MAPKs are activated by extracellular stress stimuli including UV exposure, mitogens and inflammatory cytokines [27]. To evaluate the role of exogenous mediators on p38 MAPK activation, mock or MCPyV ST expressing cells were incubated for 2 h in the presence or absence of serum (Figure 5B). Results indicated that MCPyV ST expression led to the phosphorylation of MK2 and MKK4 in serum-free cells. Additionally in mock-transfected cells, the basal phosphorylation of MKK4 decreased in response to serum starvation. These data suggest that MCPyV ST activates p38 MAPK signalling, independently of extracellular stimuli.

Interaction of MCPyV ST with PP4C is essential for its effects on p38 MAPK signalling

As MCPyV ST activates p38 MAPK through intrinsic methods, we assessed its interaction with cellular partners that are known to regulate p38 MAPK signalling. MCPyV ST interacts with cellular protein phosphatases including PP2A Aα and PP2A Aβ, but these are not essential for MCPyV ST induced cell motility [47]. Interestingly, MCPyV ST binding of PP4C is essential for microtubule destabilisation and actin remodelling, with PP4C-mediated dephosphorylation of the microtubule-associated protein stathmin, essential for enhanced cellular motility [22,47]. To investigate the role of PP4C in p38 MAPK activation, we co-overexpressed WT and transdominant negative (TDN) PP4C constructs with MCPyV ST and investigated their effects on p38 MAPK activation (Figure 6A,B). Results showed that the overexpression of WT-PP4C attenuated MK2 phosphorylation following MCPyV expression, whilst TDN PP4C had minimal effects. This suggested that the MCPyV ST interaction with PP4C prevents the dephosphorylation of p38 MAPK signalling components. This highlights PP4C as a key interaction that can restrict the metastatic potential of MCPyV-positive MCC.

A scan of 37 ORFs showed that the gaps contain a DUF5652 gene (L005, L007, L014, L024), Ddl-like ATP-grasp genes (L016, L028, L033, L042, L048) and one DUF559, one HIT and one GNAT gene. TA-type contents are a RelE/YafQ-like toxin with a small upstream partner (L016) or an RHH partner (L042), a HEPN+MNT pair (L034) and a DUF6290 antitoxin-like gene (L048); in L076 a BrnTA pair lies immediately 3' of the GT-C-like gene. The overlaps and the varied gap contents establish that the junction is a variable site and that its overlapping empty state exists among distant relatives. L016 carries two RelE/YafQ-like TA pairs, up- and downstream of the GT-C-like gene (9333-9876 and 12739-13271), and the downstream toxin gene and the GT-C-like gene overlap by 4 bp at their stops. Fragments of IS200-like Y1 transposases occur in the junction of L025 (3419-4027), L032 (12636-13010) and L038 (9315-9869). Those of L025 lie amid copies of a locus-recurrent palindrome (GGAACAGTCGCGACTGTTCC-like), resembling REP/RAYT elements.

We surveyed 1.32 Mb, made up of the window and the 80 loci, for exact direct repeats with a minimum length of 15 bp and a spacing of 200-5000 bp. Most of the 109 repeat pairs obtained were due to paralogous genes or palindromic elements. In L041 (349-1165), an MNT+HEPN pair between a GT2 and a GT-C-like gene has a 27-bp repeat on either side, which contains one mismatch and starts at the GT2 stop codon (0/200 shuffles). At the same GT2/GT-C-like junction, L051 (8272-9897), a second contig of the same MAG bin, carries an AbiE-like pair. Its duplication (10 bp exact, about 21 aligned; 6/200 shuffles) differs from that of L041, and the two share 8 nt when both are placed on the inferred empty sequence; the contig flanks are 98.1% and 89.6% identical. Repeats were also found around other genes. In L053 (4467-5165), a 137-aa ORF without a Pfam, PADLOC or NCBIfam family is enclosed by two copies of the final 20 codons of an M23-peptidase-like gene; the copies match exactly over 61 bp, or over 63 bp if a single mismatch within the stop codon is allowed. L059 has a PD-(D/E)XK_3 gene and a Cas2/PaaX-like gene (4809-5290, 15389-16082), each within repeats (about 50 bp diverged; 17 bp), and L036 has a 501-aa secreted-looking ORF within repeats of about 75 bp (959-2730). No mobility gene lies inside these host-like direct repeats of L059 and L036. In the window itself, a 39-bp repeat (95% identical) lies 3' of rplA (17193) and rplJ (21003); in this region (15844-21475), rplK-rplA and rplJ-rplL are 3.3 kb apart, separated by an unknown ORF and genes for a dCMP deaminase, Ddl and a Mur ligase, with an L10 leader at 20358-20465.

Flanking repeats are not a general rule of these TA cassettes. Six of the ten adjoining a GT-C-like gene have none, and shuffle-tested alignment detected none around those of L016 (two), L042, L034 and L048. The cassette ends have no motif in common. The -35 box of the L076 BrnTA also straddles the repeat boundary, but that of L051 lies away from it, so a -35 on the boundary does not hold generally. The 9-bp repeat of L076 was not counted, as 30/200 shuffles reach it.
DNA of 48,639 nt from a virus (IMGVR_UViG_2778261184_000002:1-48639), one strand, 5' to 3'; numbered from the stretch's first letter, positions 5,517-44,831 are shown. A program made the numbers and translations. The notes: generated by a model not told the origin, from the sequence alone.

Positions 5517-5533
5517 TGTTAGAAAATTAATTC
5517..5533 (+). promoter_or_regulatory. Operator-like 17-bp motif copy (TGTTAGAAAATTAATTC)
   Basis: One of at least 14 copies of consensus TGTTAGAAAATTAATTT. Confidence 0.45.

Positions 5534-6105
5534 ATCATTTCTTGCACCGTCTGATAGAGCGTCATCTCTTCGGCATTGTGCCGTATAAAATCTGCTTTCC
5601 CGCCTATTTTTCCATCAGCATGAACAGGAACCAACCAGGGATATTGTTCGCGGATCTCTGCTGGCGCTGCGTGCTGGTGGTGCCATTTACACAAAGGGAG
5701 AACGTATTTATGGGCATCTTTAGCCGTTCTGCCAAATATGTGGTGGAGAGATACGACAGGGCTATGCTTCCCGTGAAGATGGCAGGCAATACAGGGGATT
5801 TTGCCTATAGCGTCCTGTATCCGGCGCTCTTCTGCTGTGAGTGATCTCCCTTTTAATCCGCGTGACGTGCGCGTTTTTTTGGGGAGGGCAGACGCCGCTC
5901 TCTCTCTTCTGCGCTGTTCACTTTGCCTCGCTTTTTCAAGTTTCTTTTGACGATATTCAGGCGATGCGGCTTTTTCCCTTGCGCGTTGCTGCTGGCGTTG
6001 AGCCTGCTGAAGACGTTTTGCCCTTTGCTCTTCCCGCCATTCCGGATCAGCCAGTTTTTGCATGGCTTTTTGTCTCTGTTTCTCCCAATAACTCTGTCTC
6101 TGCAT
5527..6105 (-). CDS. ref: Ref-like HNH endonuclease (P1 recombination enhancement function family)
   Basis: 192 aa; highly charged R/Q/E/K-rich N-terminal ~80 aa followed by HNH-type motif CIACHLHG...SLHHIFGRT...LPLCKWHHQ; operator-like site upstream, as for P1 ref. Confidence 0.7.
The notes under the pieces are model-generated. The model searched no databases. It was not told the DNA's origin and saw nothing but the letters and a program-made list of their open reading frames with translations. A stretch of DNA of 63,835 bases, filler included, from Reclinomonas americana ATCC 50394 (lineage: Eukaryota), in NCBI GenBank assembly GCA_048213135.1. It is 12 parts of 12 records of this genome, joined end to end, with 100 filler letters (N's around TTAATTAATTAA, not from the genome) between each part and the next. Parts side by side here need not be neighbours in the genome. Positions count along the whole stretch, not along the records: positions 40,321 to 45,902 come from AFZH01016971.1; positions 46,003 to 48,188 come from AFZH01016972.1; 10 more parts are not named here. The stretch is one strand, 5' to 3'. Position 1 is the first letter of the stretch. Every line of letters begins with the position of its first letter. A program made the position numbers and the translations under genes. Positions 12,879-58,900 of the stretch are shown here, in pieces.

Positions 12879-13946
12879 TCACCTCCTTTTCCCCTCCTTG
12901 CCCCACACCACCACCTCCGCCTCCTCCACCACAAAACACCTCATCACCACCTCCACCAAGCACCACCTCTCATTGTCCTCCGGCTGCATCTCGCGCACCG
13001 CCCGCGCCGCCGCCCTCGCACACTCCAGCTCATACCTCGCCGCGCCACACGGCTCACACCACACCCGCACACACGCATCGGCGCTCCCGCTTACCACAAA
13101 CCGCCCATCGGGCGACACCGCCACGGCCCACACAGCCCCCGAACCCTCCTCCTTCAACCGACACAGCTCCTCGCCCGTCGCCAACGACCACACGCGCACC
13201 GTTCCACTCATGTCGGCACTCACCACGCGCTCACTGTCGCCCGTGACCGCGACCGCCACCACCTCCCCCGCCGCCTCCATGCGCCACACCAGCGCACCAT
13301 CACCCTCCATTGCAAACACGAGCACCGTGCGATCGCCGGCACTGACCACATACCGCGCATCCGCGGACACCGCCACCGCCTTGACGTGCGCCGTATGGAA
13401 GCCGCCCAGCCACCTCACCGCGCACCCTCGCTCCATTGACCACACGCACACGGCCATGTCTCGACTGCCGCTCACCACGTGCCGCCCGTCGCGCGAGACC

MCPyV ST interacts with PP4C to perturb pathway dephosphorylation.

Figure 6.
MCPyV ST interacts with PP4C to perturb pathway dephosphorylation.

(A) HEK 293 cells were cotransfected with vectors that express MCPyV ST and WT PP4C-Flag or TDN PP4C-HA for 48 h. For sole expression of MCPyV ST, an empty vector of equivalent mass to PP4C vectors was included during transfection. Immunoblotting was performed using specific antibodies to determine phosphorylation and endogenous levels of MK2. Specific antibodies targeting Flag and HA tags were used to detect WT and TDN PP4C, respectively. ST specific antibodies (2T2) were used to detect MCPyV ST and antibodies specific for GAPDH used as a loading control. (B) Evaluation of MK2 phosphorylation by densitometry, normalised to total MK2 expression. Significance values were calculated using a one-way ANOVA, with multiple comparisons to ST displayed, where **P < 0.005 and ***P < 0.0005. Error bars show the standard deviation of three experimental repeats.

Figure 6.
MCPyV ST interacts with PP4C to perturb pathway dephosphorylation.

(A) HEK 293 cells were cotransfected with vectors that express MCPyV ST and WT PP4C-Flag or TDN PP4C-HA for 48 h. For sole expression of MCPyV ST, an empty vector of equivalent mass to PP4C vectors was included during transfection. Immunoblotting was performed using specific antibodies to determine phosphorylation and endogenous levels of MK2. Specific antibodies targeting Flag and HA tags were used to detect WT and TDN PP4C, respectively. ST specific antibodies (2T2) were used to detect MCPyV ST and antibodies specific for GAPDH used as a loading control. (B) Evaluation of MK2 phosphorylation by densitometry, normalised to total MK2 expression. Significance values were calculated using a one-way ANOVA, with multiple comparisons to ST displayed, where **P < 0.005 and ***P < 0.0005. Error bars show the standard deviation of three experimental repeats.

Discussion

Several oncoviruses such as human papillomavirus 16, Epstein–Barr virus, hepatitis B virus and SV40 dysregulate cell signalling pathways that contribute to metastasis [56–59]. MCPyV ST is a key driver of MCC that was recently reported to induce microtubule destabilisation, actin remodelling and cellular sheddase expression to stimulate pro-migratory phenotypes, all of which are synonymous with cancer metastasis [22,23,47].